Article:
# Relation or difference between Input clamp current and Sink current

#### Prakash123

Jun 23, 2016
25
I want to take signal from external peripherals to PIC micro-controller(PIC18F66K22) through buffer IC(74HC541). My problem is o/p of buffer source current is +/-35mA, output clamping current +/- 20mA and i/p of PIC18F66K22 PORTF pin is 2mA. And another case input clamp current of PIC18F66K22 is +/-20mA. We may directly interface these two IC's to PORTF pin? And in what way input clamp current and sink current related or differs?

#### Harald Kapp

##### Moderator
Moderator
Nov 17, 2011
13,476
You'll have to sort this out:
• buffer source current is +/-35mA -> This is the max. current a single output stage can source or sink without violating the limits for low or high output voltage.
• output clamping current +/- 20mA -> This is the max. allowed current into the output stage when an external voltage < 0V or >Vcc is applied. This current is caused by the protection circuit which directs current to GND or Vcc if the external voltage is too high or too low. This is a protective function and should never be active in normal operation. If there is a risk that this operation happens, resistors may be used to limit the current.
• i/p of PIC18F66K22 PORTF pin is 2mA -> This means that the input of the PIC will draw max. 2 mA under normal operating conditions.
• input clamp current of PIC18F66K22 is +/-20mA -> same as output clamping current of the buffer, see item 2 of this list (above).
The input of the PIC will draw only as much current as required, typically much less than 2mA. The buffer will easily be able to drive this input.

#### BobK

Jan 5, 2010
7,682
Don't know where you got 2mA for the the input current. Looking at a datasheet for a similar PIC, i see that the input current is ±100nA. 2mA is ridiculously high.

The parameter is called "input leakage current". What was the name of the parameter that gave you 2mA?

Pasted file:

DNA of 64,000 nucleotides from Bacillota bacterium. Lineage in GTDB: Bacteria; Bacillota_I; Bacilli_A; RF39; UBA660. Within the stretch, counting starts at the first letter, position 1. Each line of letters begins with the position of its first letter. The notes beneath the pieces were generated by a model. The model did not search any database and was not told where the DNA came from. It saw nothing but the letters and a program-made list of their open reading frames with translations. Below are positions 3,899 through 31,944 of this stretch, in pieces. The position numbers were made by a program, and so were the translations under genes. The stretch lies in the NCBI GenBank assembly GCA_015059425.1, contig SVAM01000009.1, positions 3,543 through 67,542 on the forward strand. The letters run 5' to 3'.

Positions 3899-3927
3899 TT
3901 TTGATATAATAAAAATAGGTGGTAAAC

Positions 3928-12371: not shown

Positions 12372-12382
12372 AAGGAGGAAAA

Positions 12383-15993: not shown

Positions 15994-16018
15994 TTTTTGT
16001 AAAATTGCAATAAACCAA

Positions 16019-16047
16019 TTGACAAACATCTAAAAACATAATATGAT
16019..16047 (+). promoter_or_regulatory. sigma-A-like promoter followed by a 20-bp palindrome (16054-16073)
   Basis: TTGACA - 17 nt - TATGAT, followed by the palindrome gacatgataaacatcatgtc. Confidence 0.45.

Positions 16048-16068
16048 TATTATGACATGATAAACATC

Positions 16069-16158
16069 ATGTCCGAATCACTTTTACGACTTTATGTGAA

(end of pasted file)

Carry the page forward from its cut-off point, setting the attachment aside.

Bob

#### Prakash123

Jun 23, 2016
25
Sink current of PORTF pins are 2mA.

#### Harald Kapp

##### Moderator
Moderator
Nov 17, 2011
13,476
Sink current of PORTF pins are 2mA.
That would be in output mode, not as an input.

#### Prakash123

Jun 23, 2016
25
That would be in output mode, not as an input.
Hi,
Sink current means ability to receive current. I' confusing with "output mode". Please explain.

#### BobK

Jan 5, 2010
7,682
You are looking at this spec:
Maximum output current sunk by PORTA<5:0> and any PORTF, PORTG and PORTH I/O pins ............................2 mA

That is the ability of an output port to act as a ground to a current coming in. For instance, if you were trying to run an LED by connecting it to V+ and to the port which is set low, it would only be able to handle 2mA.

The one you are interested in is this one:
IIL Input Leakage Current(1)
D060 I/O Ports ±50 ±200 nA VSS VPIN VDD, Pin at high-impedance

Bob

#### Harald Kapp

##### Moderator
Moderator
Nov 17, 2011
13,476
Typically "sourcing a current" is used to describe a current that is driven from the positive rail (Vcc) through a load to ground.
"Sinking a current" is the other direction: a current flowing from a high potential (Vcc) through a load into a pin to ground.

The idea behind this nomenclature is the conventional direction of electric current from "+" to "-" where the current flows out from the positive potential through a load and back into the negative potential of the source.

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